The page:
From Broadway and Hollywood to Paris and Vienna, Leonard Bernstein did it all.
In addition to an active career as a conductor and pianist, Bernstein managed to compose a catalog of works ranging from operas and symphonies to musicals and pop songs.
So what are his best works in each category? Let’s take a look!
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Bernstein's Top Broadway Musicals
West Side Story
It may not have won the Tony (it lost to The Music Man… 1958 was a tough year!), but one musical stands out, not just from the rest of Bernstein’s shows, but from most other musicals in history.
West Side Story managed to combine Shakespeare’s tragic plot, Sondheim’s memorable lyrics, Jerome Robbins’ impossibly difficult choreography, and Leonard Bernstein’s jazz-pop-inspired music to tell a story directly confronting the racial issues facing post-war America. The result was a production unlike any Broadway had ever seen before.
On the Town
This early effort from Bernstein is filled with youthful energy and jazzy melodies. It was adapted into a film starring Frank Sinatra and Gene Kelly.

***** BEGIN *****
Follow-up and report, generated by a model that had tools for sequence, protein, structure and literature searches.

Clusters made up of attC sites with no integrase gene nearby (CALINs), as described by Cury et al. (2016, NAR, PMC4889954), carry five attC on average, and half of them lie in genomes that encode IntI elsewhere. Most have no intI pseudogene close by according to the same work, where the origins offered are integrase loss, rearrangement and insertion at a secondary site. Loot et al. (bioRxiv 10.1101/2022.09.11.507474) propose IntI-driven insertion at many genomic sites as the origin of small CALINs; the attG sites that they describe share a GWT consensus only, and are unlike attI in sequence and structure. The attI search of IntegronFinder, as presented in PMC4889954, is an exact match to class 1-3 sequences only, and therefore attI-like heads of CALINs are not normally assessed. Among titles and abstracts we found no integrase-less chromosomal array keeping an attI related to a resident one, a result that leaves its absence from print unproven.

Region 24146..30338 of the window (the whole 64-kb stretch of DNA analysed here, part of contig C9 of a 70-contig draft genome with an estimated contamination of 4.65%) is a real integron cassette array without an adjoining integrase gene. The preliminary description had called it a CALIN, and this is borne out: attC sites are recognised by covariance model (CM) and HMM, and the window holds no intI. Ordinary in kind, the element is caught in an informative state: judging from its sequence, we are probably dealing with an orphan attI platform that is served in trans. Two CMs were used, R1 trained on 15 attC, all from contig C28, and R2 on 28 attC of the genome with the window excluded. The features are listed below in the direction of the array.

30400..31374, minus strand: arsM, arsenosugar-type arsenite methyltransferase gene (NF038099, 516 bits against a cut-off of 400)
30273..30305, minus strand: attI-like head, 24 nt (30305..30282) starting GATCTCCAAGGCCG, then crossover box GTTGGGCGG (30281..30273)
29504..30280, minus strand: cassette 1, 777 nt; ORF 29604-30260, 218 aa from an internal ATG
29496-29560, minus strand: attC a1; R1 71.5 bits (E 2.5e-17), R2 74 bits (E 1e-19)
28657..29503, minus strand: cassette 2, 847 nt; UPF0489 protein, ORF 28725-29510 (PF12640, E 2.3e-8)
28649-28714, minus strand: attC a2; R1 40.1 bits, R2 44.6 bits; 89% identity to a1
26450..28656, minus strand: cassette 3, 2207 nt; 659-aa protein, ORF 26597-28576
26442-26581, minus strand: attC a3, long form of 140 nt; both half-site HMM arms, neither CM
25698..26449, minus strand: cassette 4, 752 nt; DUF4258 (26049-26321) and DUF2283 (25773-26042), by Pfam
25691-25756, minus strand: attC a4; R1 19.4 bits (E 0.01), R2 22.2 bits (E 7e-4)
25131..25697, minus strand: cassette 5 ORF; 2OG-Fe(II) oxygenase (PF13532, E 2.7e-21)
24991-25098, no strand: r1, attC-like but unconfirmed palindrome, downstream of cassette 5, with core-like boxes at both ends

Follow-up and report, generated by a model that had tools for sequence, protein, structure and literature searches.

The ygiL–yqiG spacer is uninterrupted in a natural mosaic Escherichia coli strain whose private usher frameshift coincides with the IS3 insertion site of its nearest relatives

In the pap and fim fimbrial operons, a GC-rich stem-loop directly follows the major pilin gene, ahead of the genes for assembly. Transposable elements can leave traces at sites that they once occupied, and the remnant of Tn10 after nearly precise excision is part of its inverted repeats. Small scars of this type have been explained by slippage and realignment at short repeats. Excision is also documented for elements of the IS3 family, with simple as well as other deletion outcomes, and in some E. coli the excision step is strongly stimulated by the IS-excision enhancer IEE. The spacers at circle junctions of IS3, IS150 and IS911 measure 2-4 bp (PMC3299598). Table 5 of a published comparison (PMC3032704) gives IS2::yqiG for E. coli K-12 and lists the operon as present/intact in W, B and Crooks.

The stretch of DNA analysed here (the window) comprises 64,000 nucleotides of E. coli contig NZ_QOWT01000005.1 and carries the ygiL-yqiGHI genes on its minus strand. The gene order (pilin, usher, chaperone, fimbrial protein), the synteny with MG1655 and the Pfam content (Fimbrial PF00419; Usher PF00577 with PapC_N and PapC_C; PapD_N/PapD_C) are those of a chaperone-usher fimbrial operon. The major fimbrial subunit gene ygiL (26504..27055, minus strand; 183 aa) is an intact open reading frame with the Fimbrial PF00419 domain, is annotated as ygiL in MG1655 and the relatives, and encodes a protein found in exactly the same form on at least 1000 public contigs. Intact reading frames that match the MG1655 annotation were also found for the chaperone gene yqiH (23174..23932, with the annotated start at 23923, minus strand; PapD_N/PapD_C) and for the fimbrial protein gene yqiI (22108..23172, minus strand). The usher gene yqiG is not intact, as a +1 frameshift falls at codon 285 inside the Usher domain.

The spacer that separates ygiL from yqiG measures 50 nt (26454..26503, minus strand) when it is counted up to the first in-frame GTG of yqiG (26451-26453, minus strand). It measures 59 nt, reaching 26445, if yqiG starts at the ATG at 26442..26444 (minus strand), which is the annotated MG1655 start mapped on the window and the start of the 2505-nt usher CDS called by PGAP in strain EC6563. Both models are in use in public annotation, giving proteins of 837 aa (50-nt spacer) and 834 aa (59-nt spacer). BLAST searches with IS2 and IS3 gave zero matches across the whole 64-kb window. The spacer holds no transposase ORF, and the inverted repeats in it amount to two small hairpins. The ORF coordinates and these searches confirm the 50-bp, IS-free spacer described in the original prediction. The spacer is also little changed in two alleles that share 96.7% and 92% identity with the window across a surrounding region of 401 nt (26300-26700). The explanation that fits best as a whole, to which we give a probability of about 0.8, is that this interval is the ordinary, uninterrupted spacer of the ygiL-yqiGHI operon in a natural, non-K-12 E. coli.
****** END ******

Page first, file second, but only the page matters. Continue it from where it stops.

Bernstein's Top Classical Concert Music
Symphony No. 2
Leonard Bernstein had a lifelong affinity with Gershwin’s Rhapsody in Blue. We hear it in this combination symphony-piano concerto-tone poem, based on a W.H. Auden poem about a group of friends seeking the meaning of life during a night out on the town.
Bernstein's Top Hollywood Film Music
On the Waterfront
Despite the cinematic success of On the Town and West Side Story, there’s only one choice in this category: “On the Waterfront” is the only film score Bernstein ever composed. But what a score! Just listen to how his music supports Marlon Brando’s tour de force performance in this iconic scene:
Bernstein's Top Opera
While it premiered in a Broadway theater and not an opera house — this is a 20th-century Offenbach-style operetta disguised as a musical. Barbara Cook and Mary Costa (who was also the voice of Disney’s “Sleeping Beauty”) first played Cunegonde. It has since become a standard in opera houses all over the world. Just listen to Natalie Dessay perform Cunegonde’s signature number, “Glitter and be Gay”:
Trouble in Tahiti
If Candide is an opera disguised as a musical, Trouble in Tahiti is almost the opposite. This jazzy one-act opera follows a typical 1950s suburban couple as they struggle with their marriage while keeping up appearances for the neighbors. It could be a depressing story, but Bernstein’s optimism and catchy melodies keep hope alive throughout.
So what do you think? Did we name your favorite music by Bernstein? We’d love to hear your list. Let us know your favorites on Facebook.